When I was 31, my neurologist suggested that I should consider using a walking cane. This was no surprise to me, as I had become quite familiar with the ground meeting my face on a regular basis. Years of ballet lessons were not enough to combat the deterioration of myelin associated with my multiple sclerosis (MS) and resulting lack of basic coordination.
I’m sure I wasn’t alone in the “I Can Do It Myself!” Club. This club consists of stubborn, self-sufficient, hardheaded folks like me who loathe the thought of asking for help or needing assistance. We enjoy being the superhero type. The “fixers.”
The shift in which the fixer becomes the fixee can lead to a tricky algorithm. For me, it required some humility, patience, and an overall bigger sense of self-acceptance. Knowing that using a mobility aid would mean less face-to-ground contact was pretty appealing. Fewer ripped pants. Less bruised knees. Fewer crowd-roaring gasps of shock and disbelief.
This all seemed intriguing. So, there I was on a Tuesday afternoon scouring the internet for an attractive walking cane that would not only prevent falls, but would also complement my style.
I knew I’d feel better about using a walking cane if I loved what it looked like. I wanted something versatile, fashionable, and unique. Essentially, I wanted my cane to feel like an extension of me — something I was proud to use and wear. Nobody is going to go to their optometrist for their annual exam and saying, “I’d like the ugliest frames in stock.”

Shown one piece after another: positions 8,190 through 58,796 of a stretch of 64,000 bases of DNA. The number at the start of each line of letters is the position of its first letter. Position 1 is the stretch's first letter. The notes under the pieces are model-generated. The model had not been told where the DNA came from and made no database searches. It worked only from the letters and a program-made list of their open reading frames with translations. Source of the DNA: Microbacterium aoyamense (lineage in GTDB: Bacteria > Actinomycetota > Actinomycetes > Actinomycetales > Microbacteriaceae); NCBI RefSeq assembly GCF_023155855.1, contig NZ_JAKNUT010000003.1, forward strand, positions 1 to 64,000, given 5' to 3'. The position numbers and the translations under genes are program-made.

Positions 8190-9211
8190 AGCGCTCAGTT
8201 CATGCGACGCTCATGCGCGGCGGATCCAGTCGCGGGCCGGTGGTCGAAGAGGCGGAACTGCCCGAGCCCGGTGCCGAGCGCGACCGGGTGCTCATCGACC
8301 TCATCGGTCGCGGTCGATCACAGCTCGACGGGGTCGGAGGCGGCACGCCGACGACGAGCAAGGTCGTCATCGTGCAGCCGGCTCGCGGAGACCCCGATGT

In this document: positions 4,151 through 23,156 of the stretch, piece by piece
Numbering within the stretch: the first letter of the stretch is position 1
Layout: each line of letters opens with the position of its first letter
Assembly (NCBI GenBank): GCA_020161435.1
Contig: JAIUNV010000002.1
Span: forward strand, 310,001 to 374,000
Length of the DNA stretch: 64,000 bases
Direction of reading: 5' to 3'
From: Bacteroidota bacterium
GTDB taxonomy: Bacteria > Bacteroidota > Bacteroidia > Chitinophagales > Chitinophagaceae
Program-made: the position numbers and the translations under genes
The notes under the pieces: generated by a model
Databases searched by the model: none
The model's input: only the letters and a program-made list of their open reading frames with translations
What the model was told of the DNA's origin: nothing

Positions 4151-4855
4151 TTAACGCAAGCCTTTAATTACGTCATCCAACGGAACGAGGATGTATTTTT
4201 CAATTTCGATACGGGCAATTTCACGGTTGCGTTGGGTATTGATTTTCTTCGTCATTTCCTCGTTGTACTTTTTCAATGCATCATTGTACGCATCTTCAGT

I remember my search being a bit off-putting at first. Every website I visited seemed to be targeting older generations and seniors. Being 31 at the time, this left me feeling a bit discouraged, and even embarrassed, seeing mobility aids in general being marketed to seniors only. No disrespect at all to my elders — I just wasn’t there yet. I wanted to see people in my age bracket sporting walking canes and modeling them.
By diving into social media, I was able to find a handful of strong-voiced chronic illness influencers who made my wish a reality. There, I saw younger members of the chronic illness community sporting their canes, rollators, and braces like they were couture. This gave me a sense of pride and empowered me to break the mold of what disability looks like.
I wanted to eliminate the “shock factor” when it came to mobility aids. I guarantee if you do an online search right now for walking canes, 99 percent of the marketing will target seniors. What if we widened our target audience and changed the algorithm? The element of shame to use a mobility aid for younger generations may be reduced when we see them being used in a more relatable way.
So if it’s your turn to take the plunge with a mobility aid, make sure it suits you! If you love animals, find a cane with cats on it. Have a special event coming up? Find a cane that gives off that black-tie vibe. Most importantly, you'll not only severely reduce your fall-risk factor; you’ll look darn good doing it!
MyMSTeam columnists discuss multiple sclerosis from a specific point of view. Columnists’ articles don’t reflect the opinions of MyMSTeam staff, medical experts, partners, advertisers, or sponsors. MyMSTeam content isn’t intended as a substitute for professional medical advice, diagnosis, or treatment.